Déjà vu – Sound familiar?
Ever had a feeling that something has happened before even though you know it can’t possibly be true? Are these feelings your memories of a past life? Are you psychic? Is there a glitch in the matrix?
There’s definitely something eerie and mysterious about déjà vu. But everything can be explained by science, right?
Actually, déjà vu is a poorly understood phenomenon and there are many different theories about how and why déjà vu occurs.
Déjà vu is really tricky to study because it is a subjective and random experience that can occur at any time – hence the lack of consensus on why it happens.
France gave us déjà vu
Déjà vu is a French word, which literally translates into “already seen”. People describe the experience as a feeling of familiarity with a particular situation, while at the same time knowing that the situation is completely new. For example, imagine you walk into a store that you have never been to before, but for some reason you just can’t shake the feeling that you have been in that exact spot before. Or perhaps you overhear a conversation which you swear you heard just yesterday. Creepy, right?
Déjà vu: Mind tricks or good for your health?
One theory suggests that déjà vu is simply a form of familiarity-based recognition. Familiarity-based recognition is a feeling of familiarity with a place, something or someone due to particular features you are familiar with from a different situation.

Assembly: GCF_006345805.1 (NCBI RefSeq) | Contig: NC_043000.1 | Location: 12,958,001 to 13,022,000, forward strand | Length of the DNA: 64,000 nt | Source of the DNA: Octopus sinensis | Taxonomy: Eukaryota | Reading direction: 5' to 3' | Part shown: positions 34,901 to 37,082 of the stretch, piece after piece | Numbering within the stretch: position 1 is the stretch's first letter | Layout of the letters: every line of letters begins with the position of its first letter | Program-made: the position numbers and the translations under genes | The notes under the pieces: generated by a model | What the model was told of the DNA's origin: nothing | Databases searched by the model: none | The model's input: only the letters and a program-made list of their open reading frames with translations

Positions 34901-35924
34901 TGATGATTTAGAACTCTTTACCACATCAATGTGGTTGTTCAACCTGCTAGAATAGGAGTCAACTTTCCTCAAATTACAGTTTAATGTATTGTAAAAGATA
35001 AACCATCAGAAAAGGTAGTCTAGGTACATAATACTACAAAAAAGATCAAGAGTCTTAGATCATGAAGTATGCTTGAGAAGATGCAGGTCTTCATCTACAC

This all sounds pretty confusing, but at its core, familiarity-based recognition could be something like: You go on a holiday to Hawaii and you feel like you’ve been there before even though you know this is your first trip outside of Australia; it feels familiar because of the scenes of Hawaii you saw from all those Getaway episodes you watched.
This theory is supported by the fact that people who travel more or watch TV and movies more or are more able to recall their dreams also experience déjà vu more frequently. Scientists argue that these activities increase the store of familiarities a person has, so déjà vu is more likely to occur due to familiarity-based recognition.
Another theory suggests that déjà vu is actually a sign of good memory function. So the more often you get déjà vu, the better your memory is – seems counterintuitive doesn’t it? Well, Japanese researchers found that people who experienced déjà vu were younger and more educated than those who did not experience it. They used this information along with other memory-related measures to conclude that, as a person ages and their memory deteriorates so does the frequency of déjà vu.
An unpublished study builds on this theory, suggesting that déjà vu is a process of the brain checking its memories to see if there is any error, and thus is a sign of healthy brain function. This potentially explains why the frequency of déjà vu decreases as you age and your memory function deteriorates, so does. However the proof is far from concrete due to the difficulty of studying déjà vu – hence the many theories floating around.
Of course, these theories aren’t even the tip of the iceberg – but we’re not going near the “alien abduction” déjà vu theories.
Who knows, maybe we will solve the mystery that is déjà vu, or maybe it will remain one of life’s curious unknowns.
So, what do you think causes déjà vu?